Freedom of the Press
Press Freedom Score (0 = best, 100 = worst)
Legal Environment(0 = best, 30 = worst)
Political Environment(0 = best, 40 = worst)
Economic Environment(0 = best, 30 = worst)
Costa Rica continues to enjoy a free press backed by strong legal and political institutions. The constitution guarantees press freedom, and this right is generally upheld. However, punitive press laws, particularly concerning defamation, are occasionally used to restrict the operations of the media. Provisions from the country’s 1902 printing press law that imposed prison sentences for defamation were in effect until the Supreme Court struck them down in 2010. And in December 2011, the Costa Rican courts created an appeals process for overturning criminal libel sentences. There were no active defamation cases against journalists in 2013. However, despite these advances and calls for further reform, journalists remain vulnerable to criminal charges for defamation, which is punishable by excessive fines and the placing of one’s name on a national list of convicted criminals. The constitution reserves for readers the right of reply to newspapers in response to information that the readers deem incorrect or egregious. Expanding the issue into social media, Costa Rica’s president in June 2013 announced a defamation lawsuit against a hotel owner who posted statements on his personal Facebook page regarding the president’s land dealings. This case and repeated threats of similar action drew criticism from social-media users and internet freedom watchdogs.
Accessing government information remains difficult. The Freedom of Expression and Press Freedom Bill, originally introduced in 2002, has been repeatedly postponed, leaving Costa Rica as a regional laggard on implementing comprehensive access to information legislation. President Laura Chinchilla’s administration has failed to prioritize passage of the bill. Article 288 of a 2012 computer crimes law prescribed four- to eight-year prison sentences for journalists and other citizens convicted of “improperly obtaining secret political information or information related to public security,” according to the Inter American Press Association. The measure received harsh criticism despite the government’s assurances that it would not apply to journalists. In November of that year, the Supreme Court temporarily suspended implementation of the law. The National Assembly then revised the legislation in April 2013, eliminating Article 288 and removing prison terms if protected information is released in the public interest.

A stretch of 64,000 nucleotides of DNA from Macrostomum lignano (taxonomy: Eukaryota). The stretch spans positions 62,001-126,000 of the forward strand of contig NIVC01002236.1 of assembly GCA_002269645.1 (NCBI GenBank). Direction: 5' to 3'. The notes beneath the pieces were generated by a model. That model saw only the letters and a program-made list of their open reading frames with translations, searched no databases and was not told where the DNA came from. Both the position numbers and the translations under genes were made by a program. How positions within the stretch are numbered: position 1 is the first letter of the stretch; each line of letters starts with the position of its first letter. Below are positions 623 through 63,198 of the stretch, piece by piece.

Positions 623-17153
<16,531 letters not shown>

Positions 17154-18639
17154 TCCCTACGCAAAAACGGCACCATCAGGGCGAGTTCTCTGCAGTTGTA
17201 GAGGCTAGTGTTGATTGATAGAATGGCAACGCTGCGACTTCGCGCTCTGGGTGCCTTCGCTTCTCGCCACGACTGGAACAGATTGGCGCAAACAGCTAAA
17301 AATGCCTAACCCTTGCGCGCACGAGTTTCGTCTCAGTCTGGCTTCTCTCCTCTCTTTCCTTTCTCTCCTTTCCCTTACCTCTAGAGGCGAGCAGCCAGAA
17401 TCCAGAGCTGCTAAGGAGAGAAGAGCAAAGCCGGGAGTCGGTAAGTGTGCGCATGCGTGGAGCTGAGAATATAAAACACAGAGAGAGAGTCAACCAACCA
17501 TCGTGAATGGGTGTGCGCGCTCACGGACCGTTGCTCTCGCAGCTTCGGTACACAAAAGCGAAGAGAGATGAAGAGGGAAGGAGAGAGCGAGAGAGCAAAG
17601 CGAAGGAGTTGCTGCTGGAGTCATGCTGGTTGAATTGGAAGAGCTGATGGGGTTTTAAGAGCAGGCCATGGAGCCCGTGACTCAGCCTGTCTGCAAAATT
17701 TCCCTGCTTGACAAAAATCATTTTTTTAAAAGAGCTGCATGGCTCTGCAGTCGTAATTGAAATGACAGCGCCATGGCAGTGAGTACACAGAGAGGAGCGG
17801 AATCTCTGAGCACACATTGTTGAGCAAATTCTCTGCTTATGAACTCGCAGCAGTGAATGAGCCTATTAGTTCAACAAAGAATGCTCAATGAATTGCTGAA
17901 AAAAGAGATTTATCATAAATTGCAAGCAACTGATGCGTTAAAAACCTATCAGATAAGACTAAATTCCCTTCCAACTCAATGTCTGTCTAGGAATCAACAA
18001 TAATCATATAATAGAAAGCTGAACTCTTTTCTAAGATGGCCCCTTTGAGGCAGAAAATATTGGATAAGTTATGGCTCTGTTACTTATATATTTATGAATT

While fear of legal reprisals encourages some self-censorship, media outlets are generally free to cover a range of sensitive political and social issues and to openly criticize the government. However, the San Jose–based Diario Extra newspaper accused the Judicial Investigation Agency (OIJ) and the office of the public prosecutor of monitoring journalists’ public and private telephone calls for most of 2013. The supposed targets of the monitoring were potential whistle-blowers. If substantiated, the alleged practice would seriously threaten reporters’ ability to protect their sources. Journalists are rarely victims of physical threats or violence in Costa Rica. In 2013, there were no reports of such attacks.
Costa Rica has a vibrant media scene, with numerous public and privately owned newspapers, television outlets, and radio stations. There are nine major newspapers, and cable television is widely available. Radio is the most popular outlet for news dissemination. Private media ownership is highly concentrated, however, and tends to be politically conservative. The internet served as an additional source of unrestricted information and was accessed by 46 percent of the population in 2013. Access to high-speed internet service remains surprisingly low compared with other countries in the region, but the situation is improving.